FIGS. 18 and 19 are explanatory views showing a fifth embodiment of the present invention;

FIGS. 20 and 21 are explanatory views showing a sixth embodiment of the present invention;

FIGS. 22, 23, 24 and 25 are explanatory views showing a seventh embodiment of the present invention;

FIGS. 26 and 27 are explanatory views showing an eighth embodiment of the present invention;

FIGS. 28, 29 and 30 are explanatory views showing a ninth embodiment of the present invention;

FIGS. 31 and 32 are explanatory views showing a tenth embodiment of the present invention;

FIGS. 33, 34 and 35 are explanatory views showing an eleventh embodiment of the present invention; and

FIGS. 36 and 37 are explanatory views showing a twelfth embodiment of the present invention.

DESCRIPTION OF THE PREFERRED EMBODIMENTS

Preferred embodiments of the present invention will be described referring to the accompanying drawings.

FIGS. 1 to 8 illustrate a first embodiment of the present invention in the form of a skateboard. The skateboard comprises a board 1 having a skateboard shape slightly turned upward at the rear end, a rear resilient pad 2 mounted to the rear bottom of the board 1 for protecting from shock, and resilient linings 3, 4, 4 mounted to the front and side ends of the same respectively.

The board 1 also has a front wheel unit 5 provided with a pair of wheels 8, 8 and mounted to a front location of the bottom surface thereof for movement in four, frontward, rearward, left, and right, directions. More specifically, the front wheel unit 5 like the front wheel unit of a traditional skateboard is fixedly attached by a resilient shim to the bottom surface of the board 1 using an appropriate number of bolts 6 and nuts 7.

Similarly, a rear wheel unit 9 incorporating a pair of wheels 8, 8 is mounted to a rear location of the bottom surface of the board 1 for movement in four, frontward, rearward, left, and right, directions. More specifically, the rear wheel unit 9 like the rear wheel unit of a traditional skateboard also is fixedly attached by a resilient shim to the bottom surface of the board 1 using an appropriate number of bolts 6 and nuts 7.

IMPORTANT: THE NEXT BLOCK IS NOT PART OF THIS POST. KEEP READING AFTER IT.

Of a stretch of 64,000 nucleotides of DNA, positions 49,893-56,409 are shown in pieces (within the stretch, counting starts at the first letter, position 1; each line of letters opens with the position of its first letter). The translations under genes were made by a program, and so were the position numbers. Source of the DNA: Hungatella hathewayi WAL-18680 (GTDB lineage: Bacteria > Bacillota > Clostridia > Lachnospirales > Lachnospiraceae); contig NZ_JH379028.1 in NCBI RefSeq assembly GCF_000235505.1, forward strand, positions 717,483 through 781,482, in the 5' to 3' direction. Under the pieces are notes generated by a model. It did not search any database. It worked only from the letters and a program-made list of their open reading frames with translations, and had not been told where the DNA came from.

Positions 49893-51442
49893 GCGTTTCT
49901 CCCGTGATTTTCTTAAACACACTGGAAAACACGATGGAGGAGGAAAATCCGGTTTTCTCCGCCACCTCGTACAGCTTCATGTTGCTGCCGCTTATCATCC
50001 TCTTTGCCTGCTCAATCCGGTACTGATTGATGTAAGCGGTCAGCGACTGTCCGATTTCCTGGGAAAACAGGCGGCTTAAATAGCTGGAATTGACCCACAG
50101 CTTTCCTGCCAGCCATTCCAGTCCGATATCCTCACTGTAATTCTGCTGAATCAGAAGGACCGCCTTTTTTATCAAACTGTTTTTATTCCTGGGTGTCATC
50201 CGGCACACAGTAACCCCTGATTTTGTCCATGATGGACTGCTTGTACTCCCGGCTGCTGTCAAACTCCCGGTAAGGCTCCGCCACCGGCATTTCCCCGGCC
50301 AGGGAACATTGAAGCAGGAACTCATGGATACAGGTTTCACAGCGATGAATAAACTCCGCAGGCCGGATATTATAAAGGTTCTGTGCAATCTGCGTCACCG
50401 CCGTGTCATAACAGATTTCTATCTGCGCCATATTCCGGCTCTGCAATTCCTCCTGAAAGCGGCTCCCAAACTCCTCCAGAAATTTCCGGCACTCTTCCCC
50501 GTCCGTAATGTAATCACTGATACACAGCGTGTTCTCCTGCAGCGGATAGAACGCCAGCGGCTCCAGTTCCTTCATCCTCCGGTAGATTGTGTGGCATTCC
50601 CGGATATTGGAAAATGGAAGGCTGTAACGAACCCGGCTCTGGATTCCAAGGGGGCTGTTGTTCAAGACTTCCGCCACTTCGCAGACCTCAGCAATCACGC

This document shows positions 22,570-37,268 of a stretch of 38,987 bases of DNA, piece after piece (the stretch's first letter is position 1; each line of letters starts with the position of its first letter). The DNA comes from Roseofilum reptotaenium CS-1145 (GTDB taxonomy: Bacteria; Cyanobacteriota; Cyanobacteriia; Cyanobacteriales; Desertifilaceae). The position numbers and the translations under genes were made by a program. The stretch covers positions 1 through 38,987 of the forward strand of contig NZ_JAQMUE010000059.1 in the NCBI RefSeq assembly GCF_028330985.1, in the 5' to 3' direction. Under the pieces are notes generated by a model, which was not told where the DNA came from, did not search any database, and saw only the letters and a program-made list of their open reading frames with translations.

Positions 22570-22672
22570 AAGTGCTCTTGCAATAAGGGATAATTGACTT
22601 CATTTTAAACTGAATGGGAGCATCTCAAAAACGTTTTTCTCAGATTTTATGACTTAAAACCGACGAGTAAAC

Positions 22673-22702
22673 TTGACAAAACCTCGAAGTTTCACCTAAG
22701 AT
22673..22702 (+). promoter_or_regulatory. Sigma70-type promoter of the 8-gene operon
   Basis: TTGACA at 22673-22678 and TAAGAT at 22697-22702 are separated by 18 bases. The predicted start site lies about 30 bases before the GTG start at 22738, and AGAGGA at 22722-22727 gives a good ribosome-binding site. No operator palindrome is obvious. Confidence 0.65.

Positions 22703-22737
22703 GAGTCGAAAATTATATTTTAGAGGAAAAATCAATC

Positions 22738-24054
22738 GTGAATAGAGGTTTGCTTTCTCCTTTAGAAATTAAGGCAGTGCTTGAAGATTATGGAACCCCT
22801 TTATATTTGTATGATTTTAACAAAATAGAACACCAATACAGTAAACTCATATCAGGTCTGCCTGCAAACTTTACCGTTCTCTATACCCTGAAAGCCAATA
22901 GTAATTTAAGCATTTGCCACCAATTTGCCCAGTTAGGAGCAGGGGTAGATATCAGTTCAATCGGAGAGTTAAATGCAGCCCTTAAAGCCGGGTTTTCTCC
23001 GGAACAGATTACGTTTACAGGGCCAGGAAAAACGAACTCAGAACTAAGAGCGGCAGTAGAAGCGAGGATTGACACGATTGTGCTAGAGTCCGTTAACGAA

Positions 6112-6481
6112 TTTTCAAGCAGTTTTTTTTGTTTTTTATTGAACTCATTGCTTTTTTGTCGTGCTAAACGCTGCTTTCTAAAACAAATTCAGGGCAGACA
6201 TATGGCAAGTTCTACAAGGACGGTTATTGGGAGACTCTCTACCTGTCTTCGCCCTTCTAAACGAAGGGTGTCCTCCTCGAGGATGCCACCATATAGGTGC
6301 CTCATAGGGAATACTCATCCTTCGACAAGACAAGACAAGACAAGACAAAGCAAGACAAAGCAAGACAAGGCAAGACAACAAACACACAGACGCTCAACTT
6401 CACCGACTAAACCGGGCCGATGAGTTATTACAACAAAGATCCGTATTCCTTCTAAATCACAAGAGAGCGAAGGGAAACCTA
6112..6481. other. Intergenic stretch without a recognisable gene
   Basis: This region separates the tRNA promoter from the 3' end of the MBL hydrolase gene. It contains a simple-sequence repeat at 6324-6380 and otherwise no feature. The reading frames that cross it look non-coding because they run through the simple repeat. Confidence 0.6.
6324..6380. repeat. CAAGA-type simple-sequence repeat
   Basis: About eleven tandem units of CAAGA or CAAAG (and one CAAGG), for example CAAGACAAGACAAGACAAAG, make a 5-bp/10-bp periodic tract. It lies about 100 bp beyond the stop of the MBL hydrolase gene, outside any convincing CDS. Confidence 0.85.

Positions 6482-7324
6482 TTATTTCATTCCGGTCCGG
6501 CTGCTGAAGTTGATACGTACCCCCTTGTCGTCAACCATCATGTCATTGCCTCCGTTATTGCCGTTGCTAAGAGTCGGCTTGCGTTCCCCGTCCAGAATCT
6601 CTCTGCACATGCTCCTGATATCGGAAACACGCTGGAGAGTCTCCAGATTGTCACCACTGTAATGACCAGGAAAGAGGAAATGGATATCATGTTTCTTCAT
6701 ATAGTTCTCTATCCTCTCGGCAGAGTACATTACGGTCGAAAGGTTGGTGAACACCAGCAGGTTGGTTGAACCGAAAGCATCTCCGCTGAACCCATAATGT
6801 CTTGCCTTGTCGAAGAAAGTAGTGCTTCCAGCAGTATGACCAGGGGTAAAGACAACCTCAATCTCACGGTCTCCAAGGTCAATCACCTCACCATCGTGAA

In particular, a drive unit 10 powered by a geared motor 12 is mounted to a lengthwise center portion of the bottom surface of the board 1 between the front 5 and rear wheel units 9 so that its wheel 11 can drive the board 1.

The geared motor 12 for propelling the drive unit 10 is energized with a current from a battery 13 which is detachably mounted with two sets of bolts 14,14 and nuts 15, 15 to the bottom surface of the board 1.

Also, the geared motor 12 is turned on and off by a switch unit 16. The switch unit 16 comprises a pressure switch 17 and an isolator switch 18 coupled across a connection line between the geared motor 12 and the battery 13. The pressure switch 17 turns on when the board 1 is loaded from upper while remaining turned off in a no-load condition.

In action, when the isolator switch 18 has been switched on and a player rides on the board 1 of the skateboard or powered playing instrument 19, the pressure switch 17 turns on to energize the geared motor 12. The geared motor 12 then rotates the wheel 11 of the drive unit 10 driving the powered playing instrument 19. The powered playing instrument 19 can be controlled by shift of the center of a load or gravity center on the board 1 in the same manner as of a traditional skateboard control.

The switch unit 16 may be activated for switching on and off the geared motor 12 by a remote or radio control means.

Other embodiments of the present invention will now be described referring to FIGS. 9 to 37. Like components are denoted by like numerals as of the first embodiment for simplicity of the description throughout the drawings and will be explained in no more details.